GSA explains that the development of an industrial base for alternative fuel vehicles consisting of the existing auto manufacturers will help reduce the country's dependence on imported oil, which is necessary for the achievement of long term energy security, and will result in important environmental benefits as alternative fuel vehicles produce less air pollution than vehicles powered by oil-based fuels. The agency asserts that it is necessary to restrict the competition for such vehicles to OEMs because only these sources have the manufacturing and distribution capabilities necessary to achieve industrial mobilization. Most important, GSA points out that it is necessary to restrict the competition to OEMs because of the requirement in the Alternative Motor Fuels Act that the alternative fuel vehicles specified in the solicitation "be supplied by original equipment manufacturers." 42 U.S.C. Sec. 6374(a)(3).
AUTOFLEX objects to the restriction contending that an industrial base for the production of alternative fuel vehicles can be achieved without restricting the competition to OEMs. The protester further argues that the solicitation should be amended to permit offers from firms other than manufacturers who can meet the government's requirement.
Finally, the protester disagrees with the agency's position that the Act requires that the vehicles be supplied by OEMs in all instances, contending that the restriction is only meant to be applicable "to the extent practicable."
We think that the agency's explanation that the restriction of this acquisition to OEMs will stimulate an industrial base of alternate vehicles is reasonable. /1/ More important, we believe that the solicitation restriction was a proper one as it reflects the requirements of the Alternate Motor Fuels Act.
It is clear from the legislative history of the Act that Congress intended that it stimulate the major automobile manufacturers to produce and commercialize alternate fuel vehicles. For example, in discussing the Act, the Conference Report states that the Conferees intended that funds to be appropriated pursuant to the Act will "allow auto manufacturers a consumer test of alternate fuel vehicles prior to their general sale to the public." H.R. Rep. No. 929, 100th Cong., 2d Sess. 16, reprinted in 1988 U.S. Code Cong Admin. News 3029,3030. Further, in the same report the Conferees state: "Encouraging wide participation by manufacturers in the program will help them gain experience and refine technology." Id. We think that the definition of OEM as developed by GSA is consistent with the Act and therefore we have no legal basis upon which to recommend that the restriction be changed.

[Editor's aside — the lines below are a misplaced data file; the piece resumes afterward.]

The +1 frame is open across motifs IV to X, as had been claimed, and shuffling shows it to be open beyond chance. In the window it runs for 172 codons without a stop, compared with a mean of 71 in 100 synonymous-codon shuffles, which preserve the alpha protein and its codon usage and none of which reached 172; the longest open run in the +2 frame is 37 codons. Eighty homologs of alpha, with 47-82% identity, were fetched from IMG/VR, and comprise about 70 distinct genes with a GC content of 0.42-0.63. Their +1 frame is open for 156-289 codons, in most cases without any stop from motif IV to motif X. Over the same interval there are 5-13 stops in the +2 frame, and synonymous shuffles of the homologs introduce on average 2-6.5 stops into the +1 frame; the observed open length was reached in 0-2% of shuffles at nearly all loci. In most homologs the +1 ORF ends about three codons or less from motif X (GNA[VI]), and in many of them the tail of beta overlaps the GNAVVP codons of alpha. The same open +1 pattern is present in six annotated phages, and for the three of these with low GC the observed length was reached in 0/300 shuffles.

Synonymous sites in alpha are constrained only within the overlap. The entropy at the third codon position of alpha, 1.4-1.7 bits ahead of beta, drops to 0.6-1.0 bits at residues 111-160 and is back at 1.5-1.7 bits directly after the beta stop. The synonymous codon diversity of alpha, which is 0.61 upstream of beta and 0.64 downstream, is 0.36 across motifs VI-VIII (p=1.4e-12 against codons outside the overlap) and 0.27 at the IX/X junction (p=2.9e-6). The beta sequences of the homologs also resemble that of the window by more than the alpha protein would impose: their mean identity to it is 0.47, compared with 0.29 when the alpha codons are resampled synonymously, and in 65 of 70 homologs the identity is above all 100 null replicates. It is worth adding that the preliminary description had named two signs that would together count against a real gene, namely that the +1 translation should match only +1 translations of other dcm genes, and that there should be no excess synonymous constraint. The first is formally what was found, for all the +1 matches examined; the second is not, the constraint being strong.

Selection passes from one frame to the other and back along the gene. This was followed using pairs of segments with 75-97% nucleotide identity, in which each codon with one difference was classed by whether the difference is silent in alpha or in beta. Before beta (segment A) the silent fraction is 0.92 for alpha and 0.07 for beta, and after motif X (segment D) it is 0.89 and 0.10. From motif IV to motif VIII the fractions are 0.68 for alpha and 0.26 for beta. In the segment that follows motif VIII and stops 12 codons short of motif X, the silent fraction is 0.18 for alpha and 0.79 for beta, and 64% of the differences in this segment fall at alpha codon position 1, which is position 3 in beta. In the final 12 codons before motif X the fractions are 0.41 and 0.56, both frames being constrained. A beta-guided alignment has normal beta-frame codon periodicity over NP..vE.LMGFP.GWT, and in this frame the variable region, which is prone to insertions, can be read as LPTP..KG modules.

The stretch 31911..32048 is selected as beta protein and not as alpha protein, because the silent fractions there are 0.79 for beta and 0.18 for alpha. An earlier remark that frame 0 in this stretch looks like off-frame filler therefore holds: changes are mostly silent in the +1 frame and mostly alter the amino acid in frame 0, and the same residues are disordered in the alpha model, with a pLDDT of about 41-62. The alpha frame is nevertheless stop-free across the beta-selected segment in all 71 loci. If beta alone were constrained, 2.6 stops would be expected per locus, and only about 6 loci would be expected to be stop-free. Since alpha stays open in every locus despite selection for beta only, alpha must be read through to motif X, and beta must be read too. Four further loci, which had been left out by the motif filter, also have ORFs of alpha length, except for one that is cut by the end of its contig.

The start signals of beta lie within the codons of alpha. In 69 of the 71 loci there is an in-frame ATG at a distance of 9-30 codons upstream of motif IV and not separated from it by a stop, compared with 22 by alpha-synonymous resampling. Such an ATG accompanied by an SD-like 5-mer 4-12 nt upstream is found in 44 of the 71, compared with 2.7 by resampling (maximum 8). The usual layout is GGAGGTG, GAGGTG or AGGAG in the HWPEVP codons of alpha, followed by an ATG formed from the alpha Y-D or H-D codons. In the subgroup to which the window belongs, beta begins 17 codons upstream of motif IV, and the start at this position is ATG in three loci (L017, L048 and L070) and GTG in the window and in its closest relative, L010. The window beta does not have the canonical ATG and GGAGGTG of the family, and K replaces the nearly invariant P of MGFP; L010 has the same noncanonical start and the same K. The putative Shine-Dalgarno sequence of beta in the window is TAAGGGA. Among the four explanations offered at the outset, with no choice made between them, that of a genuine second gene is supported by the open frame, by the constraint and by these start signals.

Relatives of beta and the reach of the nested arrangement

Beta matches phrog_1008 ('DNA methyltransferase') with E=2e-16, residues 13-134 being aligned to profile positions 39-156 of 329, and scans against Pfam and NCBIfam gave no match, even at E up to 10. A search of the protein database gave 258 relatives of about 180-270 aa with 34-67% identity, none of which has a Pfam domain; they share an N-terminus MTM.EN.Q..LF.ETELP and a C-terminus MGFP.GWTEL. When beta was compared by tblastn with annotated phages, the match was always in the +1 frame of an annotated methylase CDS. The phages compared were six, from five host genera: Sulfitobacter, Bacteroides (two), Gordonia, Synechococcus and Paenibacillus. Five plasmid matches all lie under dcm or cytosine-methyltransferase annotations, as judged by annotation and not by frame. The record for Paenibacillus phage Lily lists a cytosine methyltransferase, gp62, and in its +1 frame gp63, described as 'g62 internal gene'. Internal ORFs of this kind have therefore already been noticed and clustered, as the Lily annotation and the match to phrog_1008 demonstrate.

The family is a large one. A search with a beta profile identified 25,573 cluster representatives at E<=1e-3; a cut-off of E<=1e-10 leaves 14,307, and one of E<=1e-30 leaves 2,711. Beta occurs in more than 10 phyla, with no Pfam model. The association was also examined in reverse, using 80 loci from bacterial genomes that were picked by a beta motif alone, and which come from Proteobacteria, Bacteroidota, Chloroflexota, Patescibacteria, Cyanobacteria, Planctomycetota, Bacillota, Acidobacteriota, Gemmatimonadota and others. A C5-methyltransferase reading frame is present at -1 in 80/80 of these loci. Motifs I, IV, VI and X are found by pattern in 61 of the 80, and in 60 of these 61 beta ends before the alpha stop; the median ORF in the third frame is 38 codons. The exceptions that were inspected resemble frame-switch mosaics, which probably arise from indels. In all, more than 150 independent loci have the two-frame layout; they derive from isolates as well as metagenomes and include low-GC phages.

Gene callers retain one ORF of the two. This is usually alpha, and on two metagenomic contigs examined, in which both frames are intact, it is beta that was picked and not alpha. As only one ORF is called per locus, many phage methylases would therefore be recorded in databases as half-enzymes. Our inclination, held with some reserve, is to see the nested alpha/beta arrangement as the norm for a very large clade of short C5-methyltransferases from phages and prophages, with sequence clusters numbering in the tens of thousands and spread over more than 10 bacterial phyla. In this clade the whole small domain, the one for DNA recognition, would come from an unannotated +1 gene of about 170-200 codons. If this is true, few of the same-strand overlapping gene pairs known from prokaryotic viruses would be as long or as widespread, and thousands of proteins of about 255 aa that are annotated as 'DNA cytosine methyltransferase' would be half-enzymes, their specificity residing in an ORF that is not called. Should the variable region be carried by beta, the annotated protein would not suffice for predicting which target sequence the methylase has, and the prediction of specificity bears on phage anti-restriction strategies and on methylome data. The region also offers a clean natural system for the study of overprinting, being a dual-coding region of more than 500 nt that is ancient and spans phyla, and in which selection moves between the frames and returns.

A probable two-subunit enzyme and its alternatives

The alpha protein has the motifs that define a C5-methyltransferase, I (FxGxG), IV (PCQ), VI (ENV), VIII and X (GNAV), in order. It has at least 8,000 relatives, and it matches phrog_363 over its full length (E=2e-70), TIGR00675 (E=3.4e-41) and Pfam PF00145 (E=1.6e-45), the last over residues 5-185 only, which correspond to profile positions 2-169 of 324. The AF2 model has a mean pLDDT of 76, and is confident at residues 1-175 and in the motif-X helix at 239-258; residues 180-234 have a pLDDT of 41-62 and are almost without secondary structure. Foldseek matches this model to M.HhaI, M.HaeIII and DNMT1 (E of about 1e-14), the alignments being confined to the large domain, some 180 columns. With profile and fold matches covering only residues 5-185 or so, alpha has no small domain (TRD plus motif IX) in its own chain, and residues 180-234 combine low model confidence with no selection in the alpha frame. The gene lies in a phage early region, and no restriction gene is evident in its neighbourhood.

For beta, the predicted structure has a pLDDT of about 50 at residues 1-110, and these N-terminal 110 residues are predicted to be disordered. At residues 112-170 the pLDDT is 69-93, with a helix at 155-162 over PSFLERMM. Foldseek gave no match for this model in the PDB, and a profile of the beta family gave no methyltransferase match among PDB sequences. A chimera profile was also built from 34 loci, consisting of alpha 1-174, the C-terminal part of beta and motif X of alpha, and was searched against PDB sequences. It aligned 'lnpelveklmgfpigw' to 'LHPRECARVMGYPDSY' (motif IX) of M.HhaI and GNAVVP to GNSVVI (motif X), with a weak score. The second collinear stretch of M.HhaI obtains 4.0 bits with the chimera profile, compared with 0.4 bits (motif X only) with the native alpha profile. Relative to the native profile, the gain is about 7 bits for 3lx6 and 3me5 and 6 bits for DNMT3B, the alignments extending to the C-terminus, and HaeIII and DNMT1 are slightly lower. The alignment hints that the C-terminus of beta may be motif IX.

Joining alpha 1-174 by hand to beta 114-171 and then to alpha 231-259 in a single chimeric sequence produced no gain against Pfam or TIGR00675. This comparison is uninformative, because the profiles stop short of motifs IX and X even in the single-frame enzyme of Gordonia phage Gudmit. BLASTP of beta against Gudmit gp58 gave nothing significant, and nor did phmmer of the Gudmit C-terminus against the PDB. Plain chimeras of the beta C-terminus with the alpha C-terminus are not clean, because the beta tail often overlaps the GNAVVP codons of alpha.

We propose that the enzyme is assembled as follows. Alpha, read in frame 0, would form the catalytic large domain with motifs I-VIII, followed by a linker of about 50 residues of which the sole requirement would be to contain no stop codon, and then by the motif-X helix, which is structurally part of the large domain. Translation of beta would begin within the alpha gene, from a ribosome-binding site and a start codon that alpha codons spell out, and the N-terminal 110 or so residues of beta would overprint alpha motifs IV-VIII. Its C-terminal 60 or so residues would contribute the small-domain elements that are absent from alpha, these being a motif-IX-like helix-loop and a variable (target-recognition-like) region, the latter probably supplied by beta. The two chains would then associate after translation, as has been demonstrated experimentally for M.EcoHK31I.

Nevertheless, AUTOFLEX argues that even if the definition was correct the presence of the phrase "to the extent practiccable" in 42 U.S.C. Sec. 6374(a)(3) limits the agency's use of the restriction. The phrase appears in the following sentence:
"To the extent practicable, both vehicles capable of operating on alcohol and vehicles capable of operating on natural gas shall be acquired in carrying out this subsection, and such vehicles shall be supplied by original equipment manufacturers," 42 U.S.C. Sec. 6374(a)(3).
It is clear that the phrase "to the extent practicable" was not intended to refer to the source of the vehicles, but instead pertains to the acquisition of both alcohol and natural gas powered vehicles. The protester also argues that the solicitation should provide for the lease of the vehicles and complains that the method of award clause is unclear. In view of our determination that the solicitation was properly restricted to OEMs, we find that AUTOFLEX is not an interested party to object to these solicitation provisions. See Bid Protest Regulations, 4 C.F.R. Sec. 21.0(a) and 21.1(a) (1990); Infection Control and Prevention Analysts, Inc., B-238964, July 3, 1990, 90-2 CPD Para. 7.
The protest is denied in part and dismissed in part.
/1/ The protester argues that the J A is invalid as it was executed after the closing date for receipt of proposals. Since a J&A citing 41 U.S.C. Sec. 253(c)(3) need only be executed prior to award, the fact that it was executed after the closing date does not affect its legal sufficiency. See 41 U.S.C. Sec. 253(f)(1).